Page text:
A Tavern on the Green
If there’s a synthesis between the two explanations, it lies in the conflation of gambling and investing. The two activities fall on the same spectrum and converge in the fuzzy area of financial speculation that sits between them. A few years ago, a group of researchers published a paper in the Journal of Behavioral Addictions looking at the relationship between gambling, investing, and speculation. Here’s how they frame the similarities and differences:
Ask any bystander of the industry what the fundamental difference between gambling and investing is and the response might be the role of skill versus luck in the outcome. But that wouldn’t be right. Many gamblers (for example Matthew Benham or Tony Bloom) show profound skill, and the role of luck in investing is well known. Rather, the key difference is that investing typically involves the creation or purchase of an asset with the expectation of long-term capital appreciation, which does not occur with gambling. In addition, in investing, the asset is never explicitly staked, whereas this always occurs with gambling – the best definition of gambling is staking money on an event having an uncertain outcome in the hope of winning additional money.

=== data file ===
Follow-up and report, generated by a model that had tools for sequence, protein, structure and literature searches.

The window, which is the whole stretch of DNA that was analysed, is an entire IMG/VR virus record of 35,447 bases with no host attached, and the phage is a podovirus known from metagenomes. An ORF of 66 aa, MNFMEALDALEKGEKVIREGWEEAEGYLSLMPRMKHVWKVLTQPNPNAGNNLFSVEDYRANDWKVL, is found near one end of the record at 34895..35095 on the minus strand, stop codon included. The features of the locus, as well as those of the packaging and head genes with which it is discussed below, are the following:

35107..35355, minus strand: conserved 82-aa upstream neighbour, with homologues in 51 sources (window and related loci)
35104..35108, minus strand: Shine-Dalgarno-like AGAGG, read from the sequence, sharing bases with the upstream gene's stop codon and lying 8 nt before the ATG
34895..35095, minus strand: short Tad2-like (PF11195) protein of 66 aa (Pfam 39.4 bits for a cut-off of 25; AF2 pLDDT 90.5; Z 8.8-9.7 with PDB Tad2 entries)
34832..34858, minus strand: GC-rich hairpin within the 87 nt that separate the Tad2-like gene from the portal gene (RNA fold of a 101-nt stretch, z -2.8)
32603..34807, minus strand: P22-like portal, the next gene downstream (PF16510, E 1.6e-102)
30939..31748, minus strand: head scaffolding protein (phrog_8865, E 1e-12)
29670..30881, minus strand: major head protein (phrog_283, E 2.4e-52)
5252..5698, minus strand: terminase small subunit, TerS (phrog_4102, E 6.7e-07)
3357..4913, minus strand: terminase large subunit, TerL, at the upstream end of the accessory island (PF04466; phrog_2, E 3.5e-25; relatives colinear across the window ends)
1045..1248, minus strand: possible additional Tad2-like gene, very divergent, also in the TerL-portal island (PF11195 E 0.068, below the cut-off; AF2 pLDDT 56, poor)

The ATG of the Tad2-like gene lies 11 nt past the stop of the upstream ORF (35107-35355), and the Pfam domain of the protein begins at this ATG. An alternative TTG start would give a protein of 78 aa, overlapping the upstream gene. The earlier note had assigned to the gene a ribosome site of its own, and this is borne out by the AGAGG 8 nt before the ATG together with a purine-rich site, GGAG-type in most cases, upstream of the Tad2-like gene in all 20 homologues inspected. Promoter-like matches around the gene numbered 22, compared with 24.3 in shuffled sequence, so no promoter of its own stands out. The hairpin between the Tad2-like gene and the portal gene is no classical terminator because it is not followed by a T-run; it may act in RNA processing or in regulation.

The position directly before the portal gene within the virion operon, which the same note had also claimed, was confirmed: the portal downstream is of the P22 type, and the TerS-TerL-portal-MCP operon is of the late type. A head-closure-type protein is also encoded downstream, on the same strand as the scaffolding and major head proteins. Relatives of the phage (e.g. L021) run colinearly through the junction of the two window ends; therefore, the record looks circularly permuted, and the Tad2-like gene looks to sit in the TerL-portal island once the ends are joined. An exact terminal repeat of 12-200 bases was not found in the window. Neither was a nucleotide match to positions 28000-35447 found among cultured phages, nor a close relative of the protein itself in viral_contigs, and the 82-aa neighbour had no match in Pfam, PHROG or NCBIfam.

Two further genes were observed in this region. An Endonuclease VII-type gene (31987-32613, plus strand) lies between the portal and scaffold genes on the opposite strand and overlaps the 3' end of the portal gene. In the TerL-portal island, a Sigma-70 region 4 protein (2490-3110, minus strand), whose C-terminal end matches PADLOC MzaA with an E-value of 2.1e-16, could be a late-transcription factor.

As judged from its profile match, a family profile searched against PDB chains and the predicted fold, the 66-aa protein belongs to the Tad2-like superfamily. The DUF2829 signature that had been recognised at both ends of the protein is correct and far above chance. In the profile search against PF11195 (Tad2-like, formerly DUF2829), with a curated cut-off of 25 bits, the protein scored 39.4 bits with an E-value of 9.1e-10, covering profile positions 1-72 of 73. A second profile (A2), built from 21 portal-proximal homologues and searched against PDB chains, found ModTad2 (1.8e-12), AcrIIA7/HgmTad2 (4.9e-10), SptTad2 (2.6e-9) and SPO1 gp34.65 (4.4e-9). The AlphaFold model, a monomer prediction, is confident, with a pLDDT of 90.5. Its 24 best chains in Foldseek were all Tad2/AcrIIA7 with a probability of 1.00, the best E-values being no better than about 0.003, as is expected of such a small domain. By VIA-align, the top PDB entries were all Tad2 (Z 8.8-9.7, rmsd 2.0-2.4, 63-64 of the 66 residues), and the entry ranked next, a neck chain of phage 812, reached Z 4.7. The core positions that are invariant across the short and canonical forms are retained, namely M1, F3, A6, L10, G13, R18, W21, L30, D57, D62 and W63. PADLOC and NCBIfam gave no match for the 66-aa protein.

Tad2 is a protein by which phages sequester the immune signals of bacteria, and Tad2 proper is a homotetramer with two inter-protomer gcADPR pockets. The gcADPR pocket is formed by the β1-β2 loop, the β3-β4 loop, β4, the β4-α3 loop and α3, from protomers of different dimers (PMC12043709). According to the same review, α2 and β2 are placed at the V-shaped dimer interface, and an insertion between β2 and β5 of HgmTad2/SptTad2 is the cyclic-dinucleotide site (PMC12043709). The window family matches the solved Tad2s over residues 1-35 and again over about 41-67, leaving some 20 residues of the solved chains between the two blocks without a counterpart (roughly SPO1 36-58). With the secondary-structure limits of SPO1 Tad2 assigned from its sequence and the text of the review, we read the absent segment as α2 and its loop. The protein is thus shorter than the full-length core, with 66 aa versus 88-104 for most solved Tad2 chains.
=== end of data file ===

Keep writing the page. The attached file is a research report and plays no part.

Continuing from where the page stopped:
Speculation captures the crossover of the two activities. Like investing, it takes place in a financial markets environment but it tends to be shorter term, higher risk and focused on generating gains from price movement with less regard for the fundamental value assets.